Dr Rangan Chatterjee on Why Good Health is a Journey Not a Destination
In his new book Feel Better in 5, Dr Rangan Chatterjee makes the case that too many of us have our journey to good health the wrong way round. With too much emphasis on the ultimate goal rather than the process of how we get there, we could be fundamentally misunderstanding the best way to improve our health. In the exclusive essay below, he explains why.
Why Good Health Is A Journey Not A Destination
How often do you find yourself visualising a ‘healthy new you’? I’ve done it; we all do it. We decide to turn over a new leaf and fix an image in our minds of who we want to become. We see that beautiful beach body holding a perfect yoga pose or that muscle man breezing through his 20-kilometre run and we think, ‘That’s who I’m going to be.’ We motivate ourselves towards that distant ideal – and then are surprised and disappointed when it doesn’t materialise.
So why don’t most health-transformation plans work? Why do quick-fix diets fail? Why can’t we simply decide to revamp our lifestyles, snap our fingers and make it happen? Because all these approaches are based on that huge but extremely common mistake. They involve thinking about health solely as a destination, about the place where we end up. But that’s not how we get anywhere. I wrote my new book, Feel Better In 5, to help all of us break free from this type of thinking. And to be empowered by the knowledge that what really matters is not the destination but the journey.
Even doctors do it
That’s right, health professionals are prone to destination thinking, too. Let’s say you visit the doctor because you feel depressed. They might treat this symptom of low mood with an antidepressant. Of course, it seems perfectly reasonable to focus on the symptom because that’s the cause of your immediate distress. But low mood is just the current complaint. It’s the destination where you’ve found yourself.
Your condition might have its roots in a lack of quality sleep, in poor food or lifestyle choices, in stress. It could stem from a lack of real-life human connection or an absence of meaning and purpose. In prescribing antidepressants, your doctor is jumping ahead to the destination, to where you’ve ended up. But people’s symptoms are usually just the end point of a journey they’ve been on for one, five, 10, or even 20 years.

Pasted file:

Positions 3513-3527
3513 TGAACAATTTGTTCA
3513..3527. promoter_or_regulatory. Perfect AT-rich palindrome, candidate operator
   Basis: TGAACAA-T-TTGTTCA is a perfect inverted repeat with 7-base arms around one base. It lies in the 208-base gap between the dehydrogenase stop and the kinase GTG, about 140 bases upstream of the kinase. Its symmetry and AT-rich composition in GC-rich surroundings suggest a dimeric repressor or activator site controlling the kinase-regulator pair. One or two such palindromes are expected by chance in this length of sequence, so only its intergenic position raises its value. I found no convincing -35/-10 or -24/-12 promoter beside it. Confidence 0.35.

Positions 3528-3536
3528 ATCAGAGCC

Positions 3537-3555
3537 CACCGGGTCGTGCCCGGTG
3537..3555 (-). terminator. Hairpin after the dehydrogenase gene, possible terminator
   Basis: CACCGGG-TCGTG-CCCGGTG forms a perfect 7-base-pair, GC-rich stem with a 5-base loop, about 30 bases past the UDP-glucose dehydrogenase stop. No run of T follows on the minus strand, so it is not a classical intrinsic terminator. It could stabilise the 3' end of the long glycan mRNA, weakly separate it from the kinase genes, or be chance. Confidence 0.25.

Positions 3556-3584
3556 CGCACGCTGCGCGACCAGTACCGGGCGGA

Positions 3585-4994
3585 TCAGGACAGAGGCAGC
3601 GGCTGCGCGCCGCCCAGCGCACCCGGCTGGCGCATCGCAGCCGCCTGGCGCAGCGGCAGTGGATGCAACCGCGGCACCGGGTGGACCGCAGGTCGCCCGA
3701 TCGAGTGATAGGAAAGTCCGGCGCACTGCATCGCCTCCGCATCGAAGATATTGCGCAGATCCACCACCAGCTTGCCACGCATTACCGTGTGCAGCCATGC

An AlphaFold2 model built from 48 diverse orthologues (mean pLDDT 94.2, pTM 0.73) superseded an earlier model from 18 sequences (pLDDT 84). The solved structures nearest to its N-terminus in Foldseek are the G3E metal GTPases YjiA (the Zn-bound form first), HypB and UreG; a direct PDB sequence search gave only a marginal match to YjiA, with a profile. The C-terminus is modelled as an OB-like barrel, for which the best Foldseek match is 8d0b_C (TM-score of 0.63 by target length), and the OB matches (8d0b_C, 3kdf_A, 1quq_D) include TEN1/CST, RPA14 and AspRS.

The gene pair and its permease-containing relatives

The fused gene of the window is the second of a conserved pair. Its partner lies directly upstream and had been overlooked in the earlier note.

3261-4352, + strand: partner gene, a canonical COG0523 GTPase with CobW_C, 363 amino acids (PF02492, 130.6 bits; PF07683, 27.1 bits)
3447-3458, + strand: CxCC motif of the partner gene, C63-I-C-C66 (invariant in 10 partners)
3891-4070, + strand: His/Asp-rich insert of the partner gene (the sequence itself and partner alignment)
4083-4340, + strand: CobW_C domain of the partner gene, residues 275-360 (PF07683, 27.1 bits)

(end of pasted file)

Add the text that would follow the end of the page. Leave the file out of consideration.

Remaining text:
Change your journey, change your health
Conversely, it’s destination thinking that undermines our attempts at getting healthy, too. A typical health journey is made up of thousands and thousands of little daily steps. It’s these daily steps that Feel Better in 5 targets. I ask you to focus on your health for just five minutes, three times a day. By doing that, trust me, you’ll put yourself on a better journey.
If you’re doubtful, think of it this way: imagine I were to ask you to start smoking for five minutes every morning, then gorge on chocolate biscuits for five minutes at lunchtime, then drink as many litres of sugary pop as you can physically swallow for five minutes each evening. Imagine I wanted you to do this for five days a week, every week. Would you be at all surprised if it impacted your health?
After a week or two of this madness, you’d start to feel worse in yourself. You’d have less energy. You’d start coughing. You’d start craving sugary foods. The shape of your body would begin to change. After a month or two you might experience the first symptoms of ill health. And after a year? Two years? You may well be on the road to some life-threatening diseases.
Good health works in exactly the same way as bad health, yet we don’t think of it in the same way. It’s the journey you’re taking – the small, regular, daily steps you’re choosing to make – that set you on the right path towards an amazing, happy and healthy long life.
Take a few minutes right now to map out your own health journey
Come on, grab a pen and some paper and make a few notes. Ask yourself:
• What has been going on in my life over the past few years?
• How have I ended up at the health destination where I find myself at today?
• Which part of my journey would I hope to change by starting the Feel Better In 5 programme?
• What daily steps have I been taking over the past few years, and how could I replace the unhelpful ones with new and improved ones?
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